Complexity also increases because of the sheer number of regulatory bodies, each one of which has its own compliance standards, says Rex Davis, CEM and president of RMCI. RMCI’s estimated fleet replacement value is $15 million and includes about 250 machines.

“The equipment manager has to comply with each individual regulation, and there’s no central authority,” Davis says. “What the EPA wants is completely different from what the Department of Transportation wants and what a municipality’s regulatory division on permits wants. So whether you’re dealing with a local municipality, a state government, a federal government agency, they have their own rules and regulations. Every one of those [compliance issues] has a different agency that you have to deal with.”

Each agency has its own requirements, too, so the reporting cannot be streamlined. For multiregional fleets, the problem is exacerbated because similar compliance issues may be handled differently in each region.

The increase in the number of compliance requirements plus the growing complexity of some of them has driven up the administrative requirements of the equipment-management function. Agoos estimates it to be 25 percent, up from 5 percent over the past several years.

“Documentation is the small end of the iceberg,” Agoos says. “The emphasis is on managing the process, not doing the work.”

No greater example exists of this than the fleet surveys mandated by California’s Air Resources Board (CARB) that require documentation of every machine, its horsepower, and its engine Tier. Although the urgency has been reduced somewhat, no thinking equipment professional doubts that such documentation isn’t heading to a fleet near them. Emissions will be the single most critical area of compliance that fleets will have to manage.

“Even though we have a national standard, it’s a real hodge-podge of different regional or local agencies and different independent reporting requirements,” Andrade says. “Depending where you are, you could be reporting to one agency or three agencies requiring different criteria. We capture all relevant potential data and record it even if the state doesn’t require it. As long as you’re doing compliance for a few states, you might as well do it for all of them.”

The explosion of emissions regulation has done the most in recent years to bring the issue of fleet compliance to the attention of top-level management, whether it’s the CEO of a contracting firm or the chair of a municipality’s governing board. Regardless of the type of organization, they are beginning to respond to the effect compliance has on costs.

The cost of compliance directly affects owning costs, says Vorster, and its effect is growing. In his book, “Construction Equipment Economics,” he suggests this function could be funded and managed as corporate overhead.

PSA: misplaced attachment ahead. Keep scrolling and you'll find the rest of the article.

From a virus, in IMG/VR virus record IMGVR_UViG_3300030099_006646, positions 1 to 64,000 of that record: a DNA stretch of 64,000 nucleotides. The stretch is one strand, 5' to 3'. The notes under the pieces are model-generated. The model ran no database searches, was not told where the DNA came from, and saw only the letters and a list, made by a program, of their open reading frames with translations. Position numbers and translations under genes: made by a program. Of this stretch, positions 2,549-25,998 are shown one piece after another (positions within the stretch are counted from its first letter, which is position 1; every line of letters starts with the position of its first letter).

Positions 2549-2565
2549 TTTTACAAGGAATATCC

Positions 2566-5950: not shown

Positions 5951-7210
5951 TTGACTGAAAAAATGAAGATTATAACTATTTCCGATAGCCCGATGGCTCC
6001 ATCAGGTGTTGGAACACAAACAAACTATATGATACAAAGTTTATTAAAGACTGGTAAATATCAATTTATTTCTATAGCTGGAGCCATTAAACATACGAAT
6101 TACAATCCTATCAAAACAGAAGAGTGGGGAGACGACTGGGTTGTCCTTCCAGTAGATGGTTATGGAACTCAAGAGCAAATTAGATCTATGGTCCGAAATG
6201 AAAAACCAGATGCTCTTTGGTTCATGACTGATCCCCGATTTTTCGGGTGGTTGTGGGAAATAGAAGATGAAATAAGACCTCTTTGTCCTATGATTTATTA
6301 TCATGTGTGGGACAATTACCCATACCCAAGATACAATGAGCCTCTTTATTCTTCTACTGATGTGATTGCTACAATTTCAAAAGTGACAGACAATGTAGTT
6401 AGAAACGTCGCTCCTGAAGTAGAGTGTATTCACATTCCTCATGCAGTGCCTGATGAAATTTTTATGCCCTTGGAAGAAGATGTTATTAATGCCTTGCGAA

The cost of compliance

“On the surface, it appears to be a relatively simple routine task,” Vorster writes. “It is, however, growing in cost and complexity on a daily basis as more and more emphasis is placed on complex insurance requirements, emissions standards, and safety regulations. This function becomes extemely complex when operations are performed in many states or in international markets.”

Some costs, such as licensing fees on vehicles, can be easily tracked and applied by machine. Others, such as a hazardous materials program, may be folded into general overhead, Davis says. He says he’s seen a 25-percent increase in costs on certain equipment over the past five years due to compliance issues.

“There’s not a real simple equation on how it affects you, because it affects us overall,” he says. “Our safety cost is 5 percent of our labor; it’s added as burden. That doesn’t include all the other [compliance] items. Certain pieces of equipment are highly regulated, and there are costs associated with that. Identifying it is probably the hardest thing to do because it does melt in with everything else that’s going on.”

In New Mexico, where RMCI is headquartered, the fleet must now address noise-abatement regulations. Davis says he may have to pay as much as 20 percent more for a unit that complies with noise standards, a cost that feeds directly into the owning-cost equation.

“Ownership [cost] is the 800-pound gorilla from the fleet-management side,” Bernardez says. “We’re having to spend additional money and resources, but then you make sure you are commercially reimbursed in the rate structures.”

Of course, anything that affects an organization’s rate structures sends ripples throughout. Bid estimates change, field operations take note, and the equipment division’s balance sheets come under scrutiny.